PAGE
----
Smiling Women


Although never married and, as far as we know, never in relation to a woman, Achilles De Maertelaere-Bentos has painted many portraits of women. Some of these portraits are among the most expressive portraits he has made.

In 1926-1927 he paints two works on the same theme of the smiling woman. In one case it concerns a portrait in which the woman looks directly at the viewer with a broad smile, in the other, she turns her head to the right as if she had been addressed by another viewer.

The first work is known to us via an old sepia photo in which the artist has written 'Manchester' on the verso. We suspect that this is to say that the work ended up in Manchester. We found this work at a Parisian auction in 2013, where it was attributed to Edmond De Maertelaere. Edmond was the reason why Achilles chose the pseudonym Bentos at some point, to avoid confusion. So he was right! The current location of the work is not known to us.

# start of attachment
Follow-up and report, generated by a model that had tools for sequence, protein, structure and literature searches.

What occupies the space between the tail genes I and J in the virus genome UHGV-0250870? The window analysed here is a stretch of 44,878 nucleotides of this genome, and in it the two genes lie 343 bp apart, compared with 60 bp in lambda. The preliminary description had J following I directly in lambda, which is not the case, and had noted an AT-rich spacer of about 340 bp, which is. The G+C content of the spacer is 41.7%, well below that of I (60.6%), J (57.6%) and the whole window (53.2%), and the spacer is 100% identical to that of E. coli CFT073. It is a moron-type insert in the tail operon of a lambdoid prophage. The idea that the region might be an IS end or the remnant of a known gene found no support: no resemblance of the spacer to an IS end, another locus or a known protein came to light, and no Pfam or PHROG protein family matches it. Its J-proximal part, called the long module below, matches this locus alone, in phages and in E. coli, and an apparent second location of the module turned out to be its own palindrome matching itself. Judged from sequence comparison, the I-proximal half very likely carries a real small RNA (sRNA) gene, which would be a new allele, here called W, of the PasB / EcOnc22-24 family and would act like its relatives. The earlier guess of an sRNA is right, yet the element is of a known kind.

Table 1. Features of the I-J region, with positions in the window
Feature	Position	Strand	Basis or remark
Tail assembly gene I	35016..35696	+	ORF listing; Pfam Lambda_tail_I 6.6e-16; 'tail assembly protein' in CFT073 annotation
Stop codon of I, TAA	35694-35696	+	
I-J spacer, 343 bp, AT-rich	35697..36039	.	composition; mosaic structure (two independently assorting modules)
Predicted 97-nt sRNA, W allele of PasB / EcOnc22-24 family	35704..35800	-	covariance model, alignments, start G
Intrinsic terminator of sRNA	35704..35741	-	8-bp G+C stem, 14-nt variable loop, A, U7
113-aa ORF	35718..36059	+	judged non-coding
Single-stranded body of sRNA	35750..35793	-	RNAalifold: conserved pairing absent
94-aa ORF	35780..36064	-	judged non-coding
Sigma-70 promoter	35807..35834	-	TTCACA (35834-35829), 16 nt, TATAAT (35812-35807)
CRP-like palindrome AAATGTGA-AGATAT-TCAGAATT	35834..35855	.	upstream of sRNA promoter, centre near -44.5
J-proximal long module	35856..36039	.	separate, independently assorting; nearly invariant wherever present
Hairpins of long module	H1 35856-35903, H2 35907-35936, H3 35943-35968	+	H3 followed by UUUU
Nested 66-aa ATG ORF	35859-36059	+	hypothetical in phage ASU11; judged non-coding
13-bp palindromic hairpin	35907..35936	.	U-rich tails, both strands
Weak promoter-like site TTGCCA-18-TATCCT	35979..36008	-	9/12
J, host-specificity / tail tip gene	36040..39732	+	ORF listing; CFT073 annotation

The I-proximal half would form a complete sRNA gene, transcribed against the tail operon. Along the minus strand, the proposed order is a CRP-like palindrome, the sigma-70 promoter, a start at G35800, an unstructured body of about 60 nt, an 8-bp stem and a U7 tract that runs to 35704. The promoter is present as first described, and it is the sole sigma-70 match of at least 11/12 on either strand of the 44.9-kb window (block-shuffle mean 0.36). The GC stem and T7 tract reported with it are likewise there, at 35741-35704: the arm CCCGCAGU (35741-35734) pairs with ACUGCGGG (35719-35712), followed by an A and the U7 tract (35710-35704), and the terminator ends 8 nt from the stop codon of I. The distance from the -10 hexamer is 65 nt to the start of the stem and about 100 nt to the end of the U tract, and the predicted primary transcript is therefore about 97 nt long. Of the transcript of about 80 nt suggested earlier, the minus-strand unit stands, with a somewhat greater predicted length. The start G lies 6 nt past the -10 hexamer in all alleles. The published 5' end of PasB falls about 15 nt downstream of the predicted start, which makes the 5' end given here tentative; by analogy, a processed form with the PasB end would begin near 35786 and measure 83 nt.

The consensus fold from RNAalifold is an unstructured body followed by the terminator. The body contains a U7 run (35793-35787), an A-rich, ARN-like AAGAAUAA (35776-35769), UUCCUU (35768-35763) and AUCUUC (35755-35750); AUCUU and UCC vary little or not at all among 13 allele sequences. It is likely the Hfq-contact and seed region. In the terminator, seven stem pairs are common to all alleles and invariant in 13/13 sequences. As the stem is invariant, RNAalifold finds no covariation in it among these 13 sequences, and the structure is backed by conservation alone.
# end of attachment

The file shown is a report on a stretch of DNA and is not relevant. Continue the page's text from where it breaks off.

The second portrait was presented at an exhibition organised by 'Geluk in 't Werk' (Happiness through Work) in Ghent in 1931. "Geluk in 't Werk" was an association founded by the Ghent liberal professor François Laurent. This association acted for the welfare of the people, through sports clubs and art associations. This work is still in the hands of a Flemish family.

A monument in honour of Professor François can still be found today on the Laurent square in Ghent. It is a work by J. Van Biesbroeck, one of the teachers of Achilles De Maertelaere.

Translated with the help of DeepL